Tuesday, April 26, 2016
Recently, the present author began the process of process of reproducing the broadcaster rankings which appeared on this site roughly four years ago. The purpose of those rankings? To place a “grade” on each of the league’s television and radio broadcast teams — a grade intended to represent not necessarily the objective quality or skill of the relevant announcers, but rather the appeal those announcers might have to the readers of Fangraphs.
I have a feeling I know how CFB will vote on the Cardinals broadcasters. This looks like it could be gravy.
Even though some of the initial rewards had already been realized by 2009, there were still significant gains to be made by semi-early adopters. To measure them, we built a model estimating how good a team was before its front-office hires, using the following factors for each team: its winning percentages over the previous three seasons, its payroll and market size and its Baseball America farm-system ranking. Using these variables, we generated an expected winning percentage for each team over the following three seasons, beginning with the two historical years for which we had analyst counts (2009 and 2012).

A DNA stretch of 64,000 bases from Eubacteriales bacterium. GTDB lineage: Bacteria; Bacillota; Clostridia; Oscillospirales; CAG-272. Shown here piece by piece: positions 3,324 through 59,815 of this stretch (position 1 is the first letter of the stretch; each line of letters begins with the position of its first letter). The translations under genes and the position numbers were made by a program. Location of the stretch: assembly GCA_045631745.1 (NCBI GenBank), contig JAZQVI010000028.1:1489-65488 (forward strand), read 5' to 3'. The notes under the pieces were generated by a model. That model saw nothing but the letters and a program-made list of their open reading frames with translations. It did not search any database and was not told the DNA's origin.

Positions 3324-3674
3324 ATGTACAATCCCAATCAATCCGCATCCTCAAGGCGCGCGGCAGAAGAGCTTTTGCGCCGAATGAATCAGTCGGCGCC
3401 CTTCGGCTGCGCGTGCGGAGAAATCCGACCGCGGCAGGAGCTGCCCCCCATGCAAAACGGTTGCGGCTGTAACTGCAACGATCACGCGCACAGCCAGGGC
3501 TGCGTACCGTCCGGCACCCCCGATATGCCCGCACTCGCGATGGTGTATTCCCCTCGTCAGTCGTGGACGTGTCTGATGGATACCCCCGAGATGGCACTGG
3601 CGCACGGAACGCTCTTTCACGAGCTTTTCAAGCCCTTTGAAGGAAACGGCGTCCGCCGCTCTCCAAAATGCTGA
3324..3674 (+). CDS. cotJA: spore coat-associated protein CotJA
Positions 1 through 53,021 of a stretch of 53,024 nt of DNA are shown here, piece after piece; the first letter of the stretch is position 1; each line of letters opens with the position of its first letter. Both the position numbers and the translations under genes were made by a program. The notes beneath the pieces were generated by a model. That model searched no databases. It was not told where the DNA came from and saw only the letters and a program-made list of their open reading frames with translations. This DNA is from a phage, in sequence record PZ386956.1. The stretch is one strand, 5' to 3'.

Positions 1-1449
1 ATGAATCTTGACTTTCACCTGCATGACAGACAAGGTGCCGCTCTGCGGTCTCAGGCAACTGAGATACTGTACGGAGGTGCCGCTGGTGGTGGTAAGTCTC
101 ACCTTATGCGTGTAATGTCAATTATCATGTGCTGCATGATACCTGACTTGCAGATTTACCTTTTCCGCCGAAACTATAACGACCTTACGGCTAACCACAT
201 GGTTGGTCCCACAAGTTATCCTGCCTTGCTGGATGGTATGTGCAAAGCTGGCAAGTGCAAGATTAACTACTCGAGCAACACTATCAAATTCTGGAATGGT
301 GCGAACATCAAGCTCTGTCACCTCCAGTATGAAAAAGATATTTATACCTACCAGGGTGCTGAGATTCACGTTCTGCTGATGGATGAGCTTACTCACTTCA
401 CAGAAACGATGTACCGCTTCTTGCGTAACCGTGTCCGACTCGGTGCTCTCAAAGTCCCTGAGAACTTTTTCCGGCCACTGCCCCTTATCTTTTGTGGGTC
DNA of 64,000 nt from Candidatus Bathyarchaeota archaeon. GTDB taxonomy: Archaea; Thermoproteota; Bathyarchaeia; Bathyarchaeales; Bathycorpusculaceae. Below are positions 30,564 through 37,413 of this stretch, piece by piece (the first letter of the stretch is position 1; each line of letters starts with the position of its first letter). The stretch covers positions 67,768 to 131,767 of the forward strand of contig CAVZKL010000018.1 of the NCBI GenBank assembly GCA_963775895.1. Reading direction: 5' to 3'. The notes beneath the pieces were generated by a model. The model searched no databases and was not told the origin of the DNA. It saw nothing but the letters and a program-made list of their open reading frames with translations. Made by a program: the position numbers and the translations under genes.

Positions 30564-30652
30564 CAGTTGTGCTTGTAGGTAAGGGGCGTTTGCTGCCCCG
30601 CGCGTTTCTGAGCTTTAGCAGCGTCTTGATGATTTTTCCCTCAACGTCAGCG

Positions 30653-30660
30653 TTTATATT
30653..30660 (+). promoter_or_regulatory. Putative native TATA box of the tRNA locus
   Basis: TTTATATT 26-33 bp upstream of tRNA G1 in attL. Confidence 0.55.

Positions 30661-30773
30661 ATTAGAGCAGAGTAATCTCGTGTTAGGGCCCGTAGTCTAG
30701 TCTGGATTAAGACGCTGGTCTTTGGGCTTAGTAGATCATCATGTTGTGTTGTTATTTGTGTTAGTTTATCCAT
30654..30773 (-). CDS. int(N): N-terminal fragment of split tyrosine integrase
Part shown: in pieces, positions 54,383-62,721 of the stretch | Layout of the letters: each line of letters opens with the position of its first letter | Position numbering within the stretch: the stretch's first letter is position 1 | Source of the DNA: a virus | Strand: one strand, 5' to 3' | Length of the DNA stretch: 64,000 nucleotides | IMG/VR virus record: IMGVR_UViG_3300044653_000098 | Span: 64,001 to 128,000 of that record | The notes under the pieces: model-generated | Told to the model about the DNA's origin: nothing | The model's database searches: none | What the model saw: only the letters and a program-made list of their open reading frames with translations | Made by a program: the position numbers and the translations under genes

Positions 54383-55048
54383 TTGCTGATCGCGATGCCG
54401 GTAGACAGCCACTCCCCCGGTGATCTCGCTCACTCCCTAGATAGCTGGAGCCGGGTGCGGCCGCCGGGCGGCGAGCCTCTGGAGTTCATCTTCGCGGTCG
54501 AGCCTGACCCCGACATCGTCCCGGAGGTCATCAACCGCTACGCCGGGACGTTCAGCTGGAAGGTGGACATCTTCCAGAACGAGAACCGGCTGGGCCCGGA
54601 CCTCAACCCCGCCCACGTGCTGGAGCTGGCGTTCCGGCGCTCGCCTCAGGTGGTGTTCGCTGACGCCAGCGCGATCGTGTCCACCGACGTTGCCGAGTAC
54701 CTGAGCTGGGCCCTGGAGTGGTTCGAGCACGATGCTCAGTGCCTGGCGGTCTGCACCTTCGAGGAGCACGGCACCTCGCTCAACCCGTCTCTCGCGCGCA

The takeaway: It paid to invest in analytics early. Teams with at least one analyst in 2009 outperformed their expected winning percentage4 by 44 percentage points over the 2012-14 period, relative to teams who didn’t — an enormous effect, equivalent to more than seven extra wins per season. That might be overstating things a bit — the precise advantage varies depending on how the analysis is structured — but over most permutations of the model we tried,5 the effect was consistently stronger than two wins per season, particularly for the earliest-adopting teams, which got a head start by implementing analytics before 2009.
Tuesday, April 12, 2016
Older article, going back to the John Henry announcement six weeks ago that the Red Sox would be placing less emphasis on analytics (which was discussed pretty thoroughly at the time). I think the biggest insight here is that organizations can get down in the weeds with the data and lose sight of the context to which the data applies.
But once organizations get zealous about data, such as the Red Sox, they can go too far in the other direction. Rudin calls these organizations “groundhogs” because they are too focused on the data to see the bigger story. In other words, they can’t see the forest through the trees. And a myopic emphasis on data to the exclusion of common sense leads to rather comical, if not tragic, outcomes.
Wednesday, March 09, 2016
David Laurila of FanGraphs caught up with Amaro and asked about the whole analytics thing in Philadelphia.
“You can’t ever deny the numbers. That’s true for every GM and every baseball person, regardless of whether you’re ‘old school’ or ‘new school.’ When a scout walks in, the first thing he does is pick up a stat sheet and look at what the player does and what he’s been doing. The numbers don’t lie.